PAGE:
"Grooms and brides say the barns are part of a cultural shift away from traditional weddings," Bosman writes. "At a typical barn wedding, formal china and glassware are out, in favor of carefully mismatched plates and Mason jars for sipping cocktails. Guests nibble casual fare like grilled corn on the cob and barbecued pork. If the weather cooperates, the evening often ends with people gathering around a bonfire and toasting s’mores under the stars."

"Barn owners say they are responding to a demand in the market," Bosman writes. Scott Jordan, who owns 50 acres in Grant, a quiet hamlet outside St. Paul, said he spent more than $300,000 to restore a barn on his property so that he could rent it out for weddings, charging $4,800 per event.

But residents "have protested that some barn owners flout zoning rules requiring that they operate only as agricultural enterprises," Bosman writes. "Unlike other businesses, the barns are often not inspected to ensure that they are up to code, and many lack proper sanitation, fire doors and sprinklers, accommodations for people with disabilities and licenses to serve liquor." Laurie Tulchin, who lives in a rural part of Iowa City next door to a wedding barn, told Bosman, “They blare music all night long, they have college students out there screaming and everyone’s drinking. Rural residents have quiet lifestyles. Sometimes I just think, ‘What the heck happened out here?’”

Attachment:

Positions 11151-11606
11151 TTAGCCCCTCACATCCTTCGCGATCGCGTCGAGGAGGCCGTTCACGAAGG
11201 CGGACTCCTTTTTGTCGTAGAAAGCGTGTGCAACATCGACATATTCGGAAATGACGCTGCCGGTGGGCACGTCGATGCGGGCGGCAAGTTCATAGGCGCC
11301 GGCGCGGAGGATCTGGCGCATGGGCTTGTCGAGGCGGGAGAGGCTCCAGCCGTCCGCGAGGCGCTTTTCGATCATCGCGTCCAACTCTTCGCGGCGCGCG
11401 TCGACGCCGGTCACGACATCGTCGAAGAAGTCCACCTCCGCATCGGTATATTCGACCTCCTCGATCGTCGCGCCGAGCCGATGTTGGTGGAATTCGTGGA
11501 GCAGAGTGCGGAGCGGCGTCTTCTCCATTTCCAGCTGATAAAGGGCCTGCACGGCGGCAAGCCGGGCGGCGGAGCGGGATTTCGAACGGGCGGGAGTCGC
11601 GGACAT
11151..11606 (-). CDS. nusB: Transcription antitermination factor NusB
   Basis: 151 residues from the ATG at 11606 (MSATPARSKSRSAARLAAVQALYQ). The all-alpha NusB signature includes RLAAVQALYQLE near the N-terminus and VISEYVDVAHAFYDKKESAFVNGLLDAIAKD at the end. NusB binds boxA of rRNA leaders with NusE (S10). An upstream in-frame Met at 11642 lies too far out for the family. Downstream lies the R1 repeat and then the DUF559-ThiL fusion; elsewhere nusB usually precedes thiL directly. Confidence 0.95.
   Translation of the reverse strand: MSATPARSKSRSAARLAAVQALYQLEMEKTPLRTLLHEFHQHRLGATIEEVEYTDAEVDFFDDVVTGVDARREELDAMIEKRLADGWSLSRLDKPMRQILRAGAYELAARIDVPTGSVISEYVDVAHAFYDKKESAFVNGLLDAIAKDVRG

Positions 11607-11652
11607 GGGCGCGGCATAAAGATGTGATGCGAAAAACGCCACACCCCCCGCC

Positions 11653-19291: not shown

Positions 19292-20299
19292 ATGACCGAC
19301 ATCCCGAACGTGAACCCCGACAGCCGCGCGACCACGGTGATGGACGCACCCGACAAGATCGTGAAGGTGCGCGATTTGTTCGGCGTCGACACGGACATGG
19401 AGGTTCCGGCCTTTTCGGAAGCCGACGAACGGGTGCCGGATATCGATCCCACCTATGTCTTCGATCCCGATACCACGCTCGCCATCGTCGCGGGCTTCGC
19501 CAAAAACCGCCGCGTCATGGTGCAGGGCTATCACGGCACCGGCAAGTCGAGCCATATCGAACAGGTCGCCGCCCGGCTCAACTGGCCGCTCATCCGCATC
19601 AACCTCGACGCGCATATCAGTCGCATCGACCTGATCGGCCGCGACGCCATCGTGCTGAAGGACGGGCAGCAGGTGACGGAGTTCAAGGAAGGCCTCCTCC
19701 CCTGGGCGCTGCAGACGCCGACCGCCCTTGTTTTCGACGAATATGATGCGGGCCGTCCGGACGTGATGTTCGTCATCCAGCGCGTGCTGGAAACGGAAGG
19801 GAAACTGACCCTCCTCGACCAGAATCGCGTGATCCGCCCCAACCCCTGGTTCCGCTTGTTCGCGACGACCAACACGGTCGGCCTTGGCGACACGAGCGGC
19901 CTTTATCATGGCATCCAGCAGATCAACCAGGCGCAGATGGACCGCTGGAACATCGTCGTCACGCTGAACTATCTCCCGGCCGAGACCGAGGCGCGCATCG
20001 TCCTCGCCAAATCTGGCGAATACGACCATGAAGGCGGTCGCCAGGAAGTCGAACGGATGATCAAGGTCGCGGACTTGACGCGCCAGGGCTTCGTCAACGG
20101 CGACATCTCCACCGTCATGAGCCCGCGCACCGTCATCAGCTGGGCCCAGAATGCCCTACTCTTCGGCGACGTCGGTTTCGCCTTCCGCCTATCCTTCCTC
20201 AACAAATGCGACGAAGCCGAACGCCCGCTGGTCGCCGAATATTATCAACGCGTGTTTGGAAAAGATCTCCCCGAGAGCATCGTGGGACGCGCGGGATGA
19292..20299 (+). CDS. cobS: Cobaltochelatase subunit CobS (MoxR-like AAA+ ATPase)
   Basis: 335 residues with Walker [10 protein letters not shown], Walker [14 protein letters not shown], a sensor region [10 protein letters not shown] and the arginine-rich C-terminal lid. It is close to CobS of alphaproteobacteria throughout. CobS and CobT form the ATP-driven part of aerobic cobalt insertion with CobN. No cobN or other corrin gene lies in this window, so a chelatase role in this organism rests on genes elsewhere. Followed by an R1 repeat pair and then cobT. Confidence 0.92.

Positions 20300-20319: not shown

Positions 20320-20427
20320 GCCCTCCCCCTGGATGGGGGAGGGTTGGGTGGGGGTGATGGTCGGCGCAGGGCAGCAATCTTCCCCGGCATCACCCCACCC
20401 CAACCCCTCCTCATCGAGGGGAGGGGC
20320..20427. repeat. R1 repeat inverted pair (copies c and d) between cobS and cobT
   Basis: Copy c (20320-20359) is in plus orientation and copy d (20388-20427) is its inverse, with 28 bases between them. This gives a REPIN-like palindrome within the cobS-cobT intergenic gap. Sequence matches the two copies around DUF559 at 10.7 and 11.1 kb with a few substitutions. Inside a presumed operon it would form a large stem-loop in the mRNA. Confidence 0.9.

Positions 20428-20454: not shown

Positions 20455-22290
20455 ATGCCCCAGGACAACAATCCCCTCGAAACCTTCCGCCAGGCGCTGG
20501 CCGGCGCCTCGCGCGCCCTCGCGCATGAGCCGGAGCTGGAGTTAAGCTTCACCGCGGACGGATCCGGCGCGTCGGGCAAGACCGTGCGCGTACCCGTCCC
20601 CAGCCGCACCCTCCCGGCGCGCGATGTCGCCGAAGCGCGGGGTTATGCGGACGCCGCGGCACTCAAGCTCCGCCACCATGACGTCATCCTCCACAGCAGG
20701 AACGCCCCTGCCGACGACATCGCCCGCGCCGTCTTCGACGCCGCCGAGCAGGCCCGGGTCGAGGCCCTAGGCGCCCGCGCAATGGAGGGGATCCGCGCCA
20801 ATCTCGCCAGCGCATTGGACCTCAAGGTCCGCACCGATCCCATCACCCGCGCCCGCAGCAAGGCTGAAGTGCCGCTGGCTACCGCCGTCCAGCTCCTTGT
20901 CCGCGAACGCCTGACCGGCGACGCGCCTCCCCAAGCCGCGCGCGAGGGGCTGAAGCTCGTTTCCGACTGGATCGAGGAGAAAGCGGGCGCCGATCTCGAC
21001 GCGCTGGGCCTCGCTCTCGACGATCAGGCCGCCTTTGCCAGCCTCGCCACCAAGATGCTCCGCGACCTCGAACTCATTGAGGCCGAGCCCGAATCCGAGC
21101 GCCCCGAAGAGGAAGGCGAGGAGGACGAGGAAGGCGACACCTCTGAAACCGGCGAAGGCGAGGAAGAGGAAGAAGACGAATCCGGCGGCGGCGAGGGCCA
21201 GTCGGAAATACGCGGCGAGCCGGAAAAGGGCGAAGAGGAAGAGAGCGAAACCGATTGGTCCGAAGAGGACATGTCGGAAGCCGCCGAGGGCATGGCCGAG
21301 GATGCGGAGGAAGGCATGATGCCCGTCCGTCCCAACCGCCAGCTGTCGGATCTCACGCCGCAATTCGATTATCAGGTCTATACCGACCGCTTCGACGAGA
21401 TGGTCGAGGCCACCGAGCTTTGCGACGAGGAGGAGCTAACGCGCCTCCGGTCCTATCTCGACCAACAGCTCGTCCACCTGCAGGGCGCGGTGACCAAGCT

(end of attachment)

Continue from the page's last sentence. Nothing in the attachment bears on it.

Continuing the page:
Ongoing disputes between neighbors have ended up going before local officials. "City council meetings have become stages for disputes in areas where friendly relations are the norm. Some small townships with ambiguous zoning laws have been forced to examine their regulations to figure out whether the wedding barns are legal," Bosman writes. "In some towns, judges have intervened, leaving trails of anguished soon-to-be-married couples. Last summer, a judge in St. Louis County, Mo., ruled that a historic barn on a property with a view of the Mississippi and Missouri Rivers was a potential fire hazard, leaving a bride and groom who had scheduled a wedding reception there only days to make other plans."

Neighbors also say they fear for the safety of guests, Bosman writes. Jeff Hettmann, whose next-door neighbor operates a wedding barn in Glenmore, Wis., outside Green Bay, told Bosman, “All these people want to have this rustic outdoor wedding in the country so they can get closer to nature, but that barn was built for storing hay. It’s not designed to have 200 people jumping up and down and dancing in it.”

But barn owners "say their businesses should be considered a form of agritourism, a use of farmland not unlike petting zoos, hayrides and other ventures that have become popular in an era when family farming is difficult to sustain," Bosman writes. "Some towns are scrambling to change zoning laws to allow more landowners to cash in. The planning commission in Hinesburg, Vt., voted to change its zoning—which allowed mainly farming and forestry—to a more generous definition including weddings, day camps and cafes."

And the rural wedding boom doesn't appear to be waning, Bosman writes. "Last year, there were 44 wedding barns in Wisconsin, and about eight more are expected to open this year, said Steve Peterson, the president of the Wisconsin Agricultural Tourism Association." (Read more)